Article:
Saturday, November 10, 2012
Just five months after Republican Gov. Scott Walker handily won his recall election, GOP nominee Mitt Romney didn't have the same success in the presidential race.
- Lisa Sink
Saturday, November 10, 2012
It's a lost prize that stings for Republicans: How could Mitt Romney lose Wisconsin just five months after Gov. Scott Walker won it? While nationally Romney barely surpassed GOP nominee John McCain's popular vote total in 2008 (58.6 million votes for Romney vs 58.3 million for McCain), in Wisconsin, the former Massachusetts governor surged past McCain by about 11 percentage points. Romney had more votes than McCain in the bright red suburban Milwaukee counties. He even gained votes in dark-blue Milwaukee and Dane counties. Meanwhile, President Barack Obama didn't perform as well as he did in Wisconsin in 2008 — his vote total was 4.4 percentage points less Tuesday than it was in 2008. But statewide, neither Romney's gains nor Obama's …
Wednesday, November 7, 2012
Mitt Romney lead in Waukesha with 57.8 percent of the vote.
Updated at 8 p.m. Wednesday with voter turnout numbers. Mitt Romney carried Barack Obama in the City of Waukesha, taking 57.8 percent of the vote, despite Obama winning Wisconsin and a second term in office. Romney had 21,348 votes in Waukesha to Obama’s 15,113 – 40.9 percent of the total 36,956 votes cast in Tuesday’s presidential election. Obama lost votes in Waukesha compared to 2008 when he obtained 45.5 percent of the vote with 16,302 votes. About 89 percent of registered voters participated in Tuesday's election. The City of Waukesha had 26 percent of voters vote by absentee and 63 percent of voters voted at the polls. Results, which came in after 2:30 a.m. Wednesday, are unofficial until canvassing. At St. Mary’s, an estimated 200 …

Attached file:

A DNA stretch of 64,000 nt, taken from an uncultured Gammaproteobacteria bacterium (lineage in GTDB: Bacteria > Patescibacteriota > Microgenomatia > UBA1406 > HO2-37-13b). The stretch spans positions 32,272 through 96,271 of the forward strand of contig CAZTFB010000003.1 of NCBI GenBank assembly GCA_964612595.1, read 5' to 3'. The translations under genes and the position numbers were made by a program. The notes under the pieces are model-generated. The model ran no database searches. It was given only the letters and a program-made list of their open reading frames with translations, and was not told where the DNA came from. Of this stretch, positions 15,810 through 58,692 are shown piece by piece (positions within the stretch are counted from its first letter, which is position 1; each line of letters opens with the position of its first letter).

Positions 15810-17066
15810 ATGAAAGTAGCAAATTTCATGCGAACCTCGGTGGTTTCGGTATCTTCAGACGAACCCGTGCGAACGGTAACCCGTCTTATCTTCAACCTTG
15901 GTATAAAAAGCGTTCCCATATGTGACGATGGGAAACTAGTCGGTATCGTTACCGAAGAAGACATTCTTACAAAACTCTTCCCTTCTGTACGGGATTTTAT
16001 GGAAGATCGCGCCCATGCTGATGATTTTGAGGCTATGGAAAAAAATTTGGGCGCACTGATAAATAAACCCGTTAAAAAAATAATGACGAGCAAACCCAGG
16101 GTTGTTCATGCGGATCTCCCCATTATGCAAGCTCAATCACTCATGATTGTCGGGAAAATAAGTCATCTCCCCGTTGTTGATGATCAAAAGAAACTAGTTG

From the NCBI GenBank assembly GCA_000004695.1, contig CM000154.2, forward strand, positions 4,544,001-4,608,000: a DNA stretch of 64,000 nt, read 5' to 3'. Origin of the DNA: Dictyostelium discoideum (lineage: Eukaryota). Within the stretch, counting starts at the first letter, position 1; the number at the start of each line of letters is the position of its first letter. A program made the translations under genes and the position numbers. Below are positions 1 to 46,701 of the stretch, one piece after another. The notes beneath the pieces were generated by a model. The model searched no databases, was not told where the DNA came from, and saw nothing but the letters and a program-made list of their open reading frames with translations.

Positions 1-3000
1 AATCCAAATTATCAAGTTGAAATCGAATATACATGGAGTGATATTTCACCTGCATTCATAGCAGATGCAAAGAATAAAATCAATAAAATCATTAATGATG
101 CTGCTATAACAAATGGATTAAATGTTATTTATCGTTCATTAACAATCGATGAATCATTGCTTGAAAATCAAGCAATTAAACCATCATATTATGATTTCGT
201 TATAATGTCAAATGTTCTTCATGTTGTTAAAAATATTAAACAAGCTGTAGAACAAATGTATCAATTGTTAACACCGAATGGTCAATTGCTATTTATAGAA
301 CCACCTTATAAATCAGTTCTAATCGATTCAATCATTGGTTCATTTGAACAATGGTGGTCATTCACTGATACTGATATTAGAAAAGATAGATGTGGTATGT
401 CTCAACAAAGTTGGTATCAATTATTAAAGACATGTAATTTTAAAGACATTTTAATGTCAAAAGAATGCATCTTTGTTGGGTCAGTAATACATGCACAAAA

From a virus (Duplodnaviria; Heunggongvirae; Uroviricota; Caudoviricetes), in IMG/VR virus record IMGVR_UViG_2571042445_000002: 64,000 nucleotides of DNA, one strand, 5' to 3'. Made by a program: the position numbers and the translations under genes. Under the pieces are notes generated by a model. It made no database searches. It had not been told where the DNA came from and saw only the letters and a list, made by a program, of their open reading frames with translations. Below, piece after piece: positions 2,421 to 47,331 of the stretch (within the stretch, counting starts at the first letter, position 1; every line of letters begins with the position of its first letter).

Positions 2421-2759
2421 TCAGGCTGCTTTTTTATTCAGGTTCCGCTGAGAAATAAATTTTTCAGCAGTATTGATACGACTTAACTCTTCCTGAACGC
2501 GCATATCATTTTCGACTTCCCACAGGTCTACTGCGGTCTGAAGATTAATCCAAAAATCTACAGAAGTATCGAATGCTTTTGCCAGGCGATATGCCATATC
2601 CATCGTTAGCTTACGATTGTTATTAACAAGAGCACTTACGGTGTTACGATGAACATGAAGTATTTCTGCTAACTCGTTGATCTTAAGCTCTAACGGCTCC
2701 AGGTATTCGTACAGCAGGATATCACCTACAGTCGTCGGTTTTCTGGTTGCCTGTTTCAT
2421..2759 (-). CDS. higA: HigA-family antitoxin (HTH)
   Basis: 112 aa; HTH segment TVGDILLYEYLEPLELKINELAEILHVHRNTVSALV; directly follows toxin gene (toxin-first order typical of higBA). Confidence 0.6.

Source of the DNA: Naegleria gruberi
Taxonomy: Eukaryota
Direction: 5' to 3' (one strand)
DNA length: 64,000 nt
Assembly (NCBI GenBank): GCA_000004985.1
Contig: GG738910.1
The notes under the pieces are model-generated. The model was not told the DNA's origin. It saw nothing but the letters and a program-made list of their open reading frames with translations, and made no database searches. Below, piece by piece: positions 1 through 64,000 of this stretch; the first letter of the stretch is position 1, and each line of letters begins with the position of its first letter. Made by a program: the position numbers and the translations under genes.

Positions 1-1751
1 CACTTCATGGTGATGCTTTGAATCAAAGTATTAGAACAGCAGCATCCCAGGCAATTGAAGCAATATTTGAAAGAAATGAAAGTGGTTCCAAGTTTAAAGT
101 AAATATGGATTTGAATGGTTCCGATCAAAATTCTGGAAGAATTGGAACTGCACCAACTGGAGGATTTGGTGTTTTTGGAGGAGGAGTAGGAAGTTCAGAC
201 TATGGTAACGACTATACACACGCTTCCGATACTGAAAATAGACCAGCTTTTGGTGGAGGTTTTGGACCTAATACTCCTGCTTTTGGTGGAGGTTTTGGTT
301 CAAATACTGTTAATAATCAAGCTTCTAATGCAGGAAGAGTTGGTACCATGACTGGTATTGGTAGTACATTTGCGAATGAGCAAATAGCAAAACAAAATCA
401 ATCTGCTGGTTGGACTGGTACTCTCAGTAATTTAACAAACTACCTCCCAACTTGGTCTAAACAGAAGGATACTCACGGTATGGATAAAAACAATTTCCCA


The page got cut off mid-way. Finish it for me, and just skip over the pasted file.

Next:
Tuesday, November 6, 2012
President Obama defeated Republican Mitt Romney in the 2012 presidential election.
Tuesday, November 6, 2012
President Barack Obama and Vice President Joe Biden were re-elected Tuesday night, defeating Republican challenger Mitt Romney and his vice presidential running mate Rep. Paul Ryan. NBC News called the presidential election for Obama around 10:15 p.m. and other media outlets quickly followed. The president sent a message on Twitter at 10:14 saying simply, "This happened because of you. Thank you." The Obama campaign won the most expensive presidential race ever, with both parties raising about $2.6 billion. The race was filled with negative campaigning on both sides, from President Obama attacking Romney’s business experience with Bain Capital to Romney lambasting Obama’s handling of the economy. The race tightened during the final months …
President Barack Obama, on his way to re-election win's Wisconsin's 10 electoral votes after defeating former Gov. Mitt Romney Tuesday.
President Barack Obama has won Wisconsin, considered by political pundits as a major swing state that would go a long way in deciding the 2012 presidential election. Obama was declared the state’s projected winner over Gov. Mitt Romney. Obama and running mate Joe Biden overcame the popularity uptick Romney undoubtedly received when he announced Wisconsin congressman Paul Ryan of Janesville as his vice presidential candidate this summer. With the victory, Obama picked up 10 important electoral votes toward the 270 required to win the presidency. At approximately 10:15 p.m., CNN declared Obama a winner in Ohio, essentially giving him the election. As of 1 a.m. Wednesday, with 91 percent of the vote counted in Wisconsin, Obama was leading …
Poll here close at 8 p.m., but swing states end voting as early as 6 p.m. local time.